Inflation vacation! Here’s why Americans are plowing ahead with summer travel despite rising costs

July 29, 2022

Inflation vacation! Here’s why Americans are plowing ahead with summer travel despite rising costs

After more than two years of the pandemic, the lure of airports and airplanes, faraway locales, and stuffed suitcases is proving to be irresistible to many Americans.


According to the latest inflation tracker from market research firm Ipsos, which gathers data from 10,000 people across the globe and then examines smaller sections for trends, summer vacation plans are proceeding full-steam ahead—despite 40% of Americans saying they consider themselves to be high-risk due to inflation. Travel is 10% higher than it was at the same time last year, and people with summer travel plans report feeling better off physically and mentally than people without summer travel plans—72% compared to 53%, according to the survey.

Summer travelers are also apparently super excited about their trips. According to the survey, 87% of them said they’ve planned something they’re “looking forward to” versus only 45% of people who aren’t traveling this summer.

All that said, summer travel comes with a price tag, and travelers are making adjustments based on their wallets. While 53% of Americans who responded to the survey had travel plans, only 15% had plans to travel to another country, while 31.6% have travel plans within the country, and 29% within their own state. Meanwhile, among those who felt most at risk due to inflation, plans for travel dropped from 49% to 46%.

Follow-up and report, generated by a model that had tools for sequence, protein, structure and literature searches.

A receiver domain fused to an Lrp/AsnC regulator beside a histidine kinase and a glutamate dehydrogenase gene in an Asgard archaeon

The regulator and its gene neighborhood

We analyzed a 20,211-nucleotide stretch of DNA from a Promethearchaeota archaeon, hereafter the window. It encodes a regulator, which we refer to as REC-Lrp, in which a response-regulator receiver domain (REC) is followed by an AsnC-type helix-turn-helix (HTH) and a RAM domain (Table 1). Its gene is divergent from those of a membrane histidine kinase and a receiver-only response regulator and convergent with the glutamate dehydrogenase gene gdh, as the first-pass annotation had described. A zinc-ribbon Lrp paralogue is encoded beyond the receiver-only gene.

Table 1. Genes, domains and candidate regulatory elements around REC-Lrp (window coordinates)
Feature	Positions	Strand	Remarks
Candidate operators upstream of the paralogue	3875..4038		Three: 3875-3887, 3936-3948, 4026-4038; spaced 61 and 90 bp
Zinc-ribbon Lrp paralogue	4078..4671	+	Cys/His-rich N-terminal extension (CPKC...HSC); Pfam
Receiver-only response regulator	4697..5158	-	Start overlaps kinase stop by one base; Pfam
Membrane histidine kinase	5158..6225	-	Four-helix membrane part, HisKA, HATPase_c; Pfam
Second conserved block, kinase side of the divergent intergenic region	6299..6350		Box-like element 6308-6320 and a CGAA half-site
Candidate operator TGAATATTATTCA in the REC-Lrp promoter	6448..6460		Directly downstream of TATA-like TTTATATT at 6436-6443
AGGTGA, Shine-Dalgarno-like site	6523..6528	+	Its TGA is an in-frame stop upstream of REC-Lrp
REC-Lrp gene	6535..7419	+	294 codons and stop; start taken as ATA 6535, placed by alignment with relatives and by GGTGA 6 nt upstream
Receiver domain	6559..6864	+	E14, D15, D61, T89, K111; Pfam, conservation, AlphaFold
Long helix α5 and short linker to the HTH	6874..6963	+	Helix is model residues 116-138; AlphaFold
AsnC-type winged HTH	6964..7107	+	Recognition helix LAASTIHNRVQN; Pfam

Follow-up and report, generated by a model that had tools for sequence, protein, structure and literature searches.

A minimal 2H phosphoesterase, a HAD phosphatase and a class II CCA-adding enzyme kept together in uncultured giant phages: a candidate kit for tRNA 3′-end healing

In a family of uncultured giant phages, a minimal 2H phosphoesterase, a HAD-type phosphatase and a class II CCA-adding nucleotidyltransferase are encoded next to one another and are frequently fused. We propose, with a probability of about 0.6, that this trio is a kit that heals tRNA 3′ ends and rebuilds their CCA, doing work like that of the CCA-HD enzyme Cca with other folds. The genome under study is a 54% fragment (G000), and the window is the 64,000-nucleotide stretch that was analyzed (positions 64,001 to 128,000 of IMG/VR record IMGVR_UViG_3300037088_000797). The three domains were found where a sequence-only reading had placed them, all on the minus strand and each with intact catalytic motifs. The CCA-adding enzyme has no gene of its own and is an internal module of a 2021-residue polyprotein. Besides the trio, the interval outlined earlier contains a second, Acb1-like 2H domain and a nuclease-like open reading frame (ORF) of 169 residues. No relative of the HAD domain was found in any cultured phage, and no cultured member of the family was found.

While the summer travel planning abounds, most Americans are expecting that fall will bring cuts: 72% of respondents said they expect inflation will rise by fall. Meanwhile, 27% expect their standard of living will decline, up from 19% in Ipsos’s spring tracker.

Sadly, in a vicious cycle of burnout, those who are least able to afford a vacation will likely need it the most. According to the report, 67% of Americans at high risk of inflation expect to retire later, and 49% report feeling burned out at work. These changes might be hardest on the middle class, Andrew Buss, a senior client officer at Ipsos US, warns. “Middle-income households are now having to adjust their spending in ways they haven’t had in the past.”